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Brotherly love

The Darjeeling Limited


The Guess-what-poison-Im-taking game isnt as tough to play when the poison case is open nearby.
  • The Guess-what-poison-Im-taking game isnt as tough to play when the poison case is open nearby.

*The Darjeeling Limited (R)

Kimball's Twin Peak, Tinseltown
By Jeff Sneider

After the ambitious failure of The Life Aquatic with Steve Zissou, Wes Anderson returns to form and silences his critics with The Darjeeling Limited, a melancholic serio-comedy about three estranged brothers who reunite for a journey to India.

Owen Wilson stars as Francis Whitman, the eldest brother who is reconsidering his life after crashing his motorcycle on purpose. Bandaged like the Mummy throughout the film, Francis remains the eternal optimist, hoping to reconnect and perhaps experience a spiritual awakening with his brothers.

Middle child Peter (Adrien Brody) believes he was his father's favorite son and hates it when Francis orders his meals for him. He's also having second thoughts about his marriage, now that fatherhood is on the imminent horizon.

The baby of the bunch, the brooding, broken-hearted Jack (co-writer Jason Schwartzman), is still hung up on his ex-girlfriend (Natalie Portman) and repeatedly calls her answering machine to check her messages.

Much was made of the fact that Jack's backstory as told through Anderson's short-film prologue Hotel Chevalier, was not attached to prints of The Darjeeling Limited. But, as reported by the New York Times earlier this week, the clip will now be shown in full at the start of the film. This is a good thing; now viewers will go into the film knowing Jack's romantic history and fully appreciating his story arc.

Despite the brothers' recent estrangement, it's clear that they still love one another, even if there are significant trust issues to resolve, as evidenced by Francis' ulterior motive for rallying his brothers together. And while the Whitman brothers aren't particularly likable people, they quickly grow on us as we come to embrace their quirks and flaws.

In these eccentricities, Anderson's knack for casting pays dividends. The actors' personalities complement each other nicely and their fraternal chemistry is truly inspired.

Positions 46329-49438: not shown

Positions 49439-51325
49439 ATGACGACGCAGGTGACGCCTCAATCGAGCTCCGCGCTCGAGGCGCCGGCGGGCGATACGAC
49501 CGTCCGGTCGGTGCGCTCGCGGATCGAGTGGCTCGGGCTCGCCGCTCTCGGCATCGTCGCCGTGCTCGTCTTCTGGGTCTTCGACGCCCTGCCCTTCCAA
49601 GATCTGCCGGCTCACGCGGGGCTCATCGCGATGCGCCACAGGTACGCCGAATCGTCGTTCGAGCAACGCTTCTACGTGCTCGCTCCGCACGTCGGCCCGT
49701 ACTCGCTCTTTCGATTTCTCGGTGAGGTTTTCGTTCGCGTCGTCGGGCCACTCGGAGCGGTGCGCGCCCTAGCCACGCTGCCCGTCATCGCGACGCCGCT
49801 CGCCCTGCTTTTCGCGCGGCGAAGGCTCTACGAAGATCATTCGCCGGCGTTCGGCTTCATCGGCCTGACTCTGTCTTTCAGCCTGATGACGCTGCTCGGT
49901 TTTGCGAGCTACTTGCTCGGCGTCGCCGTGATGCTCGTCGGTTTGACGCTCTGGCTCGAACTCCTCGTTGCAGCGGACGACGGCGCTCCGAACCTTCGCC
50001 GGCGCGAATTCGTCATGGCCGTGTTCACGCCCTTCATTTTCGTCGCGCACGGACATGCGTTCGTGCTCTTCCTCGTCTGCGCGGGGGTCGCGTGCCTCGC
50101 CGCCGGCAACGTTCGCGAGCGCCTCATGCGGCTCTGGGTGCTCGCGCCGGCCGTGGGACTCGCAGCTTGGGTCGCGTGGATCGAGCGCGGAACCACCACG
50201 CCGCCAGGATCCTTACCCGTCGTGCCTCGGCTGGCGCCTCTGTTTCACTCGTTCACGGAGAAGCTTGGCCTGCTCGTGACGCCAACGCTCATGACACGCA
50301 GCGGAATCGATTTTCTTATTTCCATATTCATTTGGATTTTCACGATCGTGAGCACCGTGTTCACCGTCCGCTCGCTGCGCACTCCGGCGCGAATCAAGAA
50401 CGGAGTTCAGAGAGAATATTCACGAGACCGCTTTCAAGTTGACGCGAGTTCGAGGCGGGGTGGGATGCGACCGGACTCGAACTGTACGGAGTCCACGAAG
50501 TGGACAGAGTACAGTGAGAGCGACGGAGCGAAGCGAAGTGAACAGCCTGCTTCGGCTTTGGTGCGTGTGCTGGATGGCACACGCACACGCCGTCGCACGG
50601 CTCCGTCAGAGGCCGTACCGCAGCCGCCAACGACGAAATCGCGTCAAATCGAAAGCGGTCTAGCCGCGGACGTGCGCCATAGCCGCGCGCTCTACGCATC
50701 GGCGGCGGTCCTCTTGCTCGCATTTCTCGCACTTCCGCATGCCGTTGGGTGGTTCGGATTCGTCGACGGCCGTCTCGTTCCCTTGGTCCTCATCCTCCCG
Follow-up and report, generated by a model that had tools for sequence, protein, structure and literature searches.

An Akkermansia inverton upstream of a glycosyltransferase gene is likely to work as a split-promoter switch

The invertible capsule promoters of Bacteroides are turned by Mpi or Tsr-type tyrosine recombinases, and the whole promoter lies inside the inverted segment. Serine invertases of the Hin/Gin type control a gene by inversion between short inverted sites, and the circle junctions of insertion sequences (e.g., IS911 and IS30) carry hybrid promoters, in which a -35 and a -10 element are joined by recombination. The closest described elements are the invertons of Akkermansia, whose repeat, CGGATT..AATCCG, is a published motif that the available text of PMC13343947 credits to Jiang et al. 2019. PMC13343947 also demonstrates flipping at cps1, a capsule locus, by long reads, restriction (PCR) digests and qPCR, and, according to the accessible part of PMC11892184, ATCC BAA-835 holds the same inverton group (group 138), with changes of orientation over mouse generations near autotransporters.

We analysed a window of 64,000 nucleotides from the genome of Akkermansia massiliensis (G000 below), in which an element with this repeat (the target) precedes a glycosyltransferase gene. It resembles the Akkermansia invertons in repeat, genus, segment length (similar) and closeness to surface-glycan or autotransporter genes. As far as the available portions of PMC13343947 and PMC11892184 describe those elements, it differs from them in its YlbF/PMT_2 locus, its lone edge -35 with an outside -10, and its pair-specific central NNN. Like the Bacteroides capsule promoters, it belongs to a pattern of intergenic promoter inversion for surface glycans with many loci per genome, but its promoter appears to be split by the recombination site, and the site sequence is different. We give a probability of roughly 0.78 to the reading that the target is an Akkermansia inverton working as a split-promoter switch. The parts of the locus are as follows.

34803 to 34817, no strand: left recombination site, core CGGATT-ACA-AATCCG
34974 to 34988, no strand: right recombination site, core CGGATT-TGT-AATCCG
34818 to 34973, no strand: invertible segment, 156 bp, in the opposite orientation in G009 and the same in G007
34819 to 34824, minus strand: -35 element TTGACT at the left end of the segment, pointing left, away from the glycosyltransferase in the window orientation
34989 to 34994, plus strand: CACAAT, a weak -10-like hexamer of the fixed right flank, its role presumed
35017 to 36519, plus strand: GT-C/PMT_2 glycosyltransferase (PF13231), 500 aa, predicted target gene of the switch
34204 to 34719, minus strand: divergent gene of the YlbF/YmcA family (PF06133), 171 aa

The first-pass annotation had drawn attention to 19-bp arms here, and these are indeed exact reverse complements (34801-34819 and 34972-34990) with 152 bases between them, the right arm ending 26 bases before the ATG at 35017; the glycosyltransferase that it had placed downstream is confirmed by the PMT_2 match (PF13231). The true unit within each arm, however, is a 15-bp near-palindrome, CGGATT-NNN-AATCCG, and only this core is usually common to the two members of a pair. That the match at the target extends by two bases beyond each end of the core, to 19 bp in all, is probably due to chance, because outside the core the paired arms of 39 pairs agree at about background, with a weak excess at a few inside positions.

The performances are exceptional across the board, and never more so than in a revealing scene featuring the brothers' mother (Anjelica Huston) leading her sons in a group exercise that employs non-verbal communication. Though Wilson's enthusiasm is infectious (viewers shouldn't put too much thought into the fact his character's situation mirrors his real-life personal troubles), it's no real surprise that Oscar-winner Brody is the clear standout, never less than completely interesting whenever he's on screen.

As for the unlikely setting, Anderson couldn't have chosen a better country to help showcase his directorial talents. Like a cinematic coloring book, every frame of The Darjeeling Limited bursts with energy, vitality and life thanks to the vibrant art direction and exquisite production design. India is not often depicted in Hollywood movies, and when it is, it's in stereotypical fashion. Anderson shows India in a whole new light.

Though Darjeeling loses a little steam in its second act, the film regains its footing to deliver an emotionally satisfying finale, and like all Anderson films, the inspired soundtrack is a separate gift all its own.

With this film, Anderson cements his status as one of the most distinctive and original voices working in American cinema today. The first half of the film alone represents the best, most personal writing of his impressive career.

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